Mangrove forests live in two worlds at once—at the interface between land and sea—anchoring their stilt-like roots in brackish waters where other plants cannot grow. In the United States, they are found along the coasts of Florida, covering some 469,000 acres from St. Augustine south on the Atlantic, and from Cedar Key south on the Gulf Coast. Four species of mangrove trees—red, black, and white mangroves, and buttonwoods—grow on Florida's offshore islands and tidal estuaries. They also are important in Puerto Rico and the Virgin Islands. In many tropical countries, mangroves are the prevalent ecosystem along low-lying estuaries and coasts.
Mangroves host a variety of fish and wildlife, including wading and sea birds, such as the great white heron and brown pelican, which roost and nest in the mangroves.
Mangroves play a critical role in protecting lives and property in low-lying coastal areas from storm surges, which are expected to increase with climate change. They also stabilize shorelines and improve water quality.
Mangrove ecosystems serve as breeding, feeding, and nursery grounds for many shellfish, fish, and other wildlife. An estimated 75 percent of game fish, and 90 percent of commercial species in South Florida depend on mangrove ecosystems. Endangered species such as the Key deer live here.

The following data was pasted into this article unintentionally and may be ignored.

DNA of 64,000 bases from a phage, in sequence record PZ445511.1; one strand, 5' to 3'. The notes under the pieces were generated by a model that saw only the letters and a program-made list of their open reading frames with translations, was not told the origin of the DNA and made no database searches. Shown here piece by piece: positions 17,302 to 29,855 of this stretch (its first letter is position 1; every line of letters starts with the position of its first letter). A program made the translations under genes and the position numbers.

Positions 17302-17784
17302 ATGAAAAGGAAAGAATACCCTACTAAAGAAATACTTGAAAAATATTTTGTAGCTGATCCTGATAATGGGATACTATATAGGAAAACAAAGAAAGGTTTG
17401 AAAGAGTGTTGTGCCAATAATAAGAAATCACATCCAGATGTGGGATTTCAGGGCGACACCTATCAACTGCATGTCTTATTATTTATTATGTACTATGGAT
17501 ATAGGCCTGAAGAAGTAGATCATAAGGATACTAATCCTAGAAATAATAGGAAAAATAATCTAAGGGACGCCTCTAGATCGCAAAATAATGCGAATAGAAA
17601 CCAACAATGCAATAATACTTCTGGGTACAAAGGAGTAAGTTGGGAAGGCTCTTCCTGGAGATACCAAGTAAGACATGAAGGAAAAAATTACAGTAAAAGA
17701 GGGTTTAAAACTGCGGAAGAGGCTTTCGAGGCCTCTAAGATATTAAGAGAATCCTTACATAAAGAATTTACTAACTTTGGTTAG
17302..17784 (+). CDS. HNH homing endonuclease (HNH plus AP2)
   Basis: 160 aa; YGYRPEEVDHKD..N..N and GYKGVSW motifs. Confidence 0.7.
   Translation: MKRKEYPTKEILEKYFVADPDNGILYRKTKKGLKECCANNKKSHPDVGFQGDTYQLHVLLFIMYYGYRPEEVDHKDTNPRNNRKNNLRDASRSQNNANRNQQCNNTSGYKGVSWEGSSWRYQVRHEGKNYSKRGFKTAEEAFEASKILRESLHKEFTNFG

The annual economic value of mangrove habitats is estimated at $80,000 to $360,000 per acre.
Rising sea levels and changing salinity pose the most serious threats to these ecosystems. Where mangroves are sheltered by coral reefs killed by climate change, damage to mangroves from increased wave action is expected to rise.
Loss of mangroves will have a serious economic impact on both fisheries and coastal communities. In developing countries, mangroves have proven critical for saving human lives by their dampening of the wave heights and wind speeds during coastal storms.
With so little known, it will be important to monitor the responses of mangroves to climate change, and from this learn methods of minimizing these impacts and reestablishing mangroves. This will be especially important for assisting developing countries that depend on the health of these ecosystems for sustenance. Restoring mangrove vegetative cover and ecological functions can cost up to $87,000 per acre.
Unable to directly control sea level, managers will need to ensure that other human stresses on mangroves are minimized to give mangroves the best opportunity to withstand the duress of climate change impacts. This may require, for example, improving land-use management and stream water quality on nearby lands. Other possible actions may include implementation or adjustment of recreational and commercial fishing regulations.
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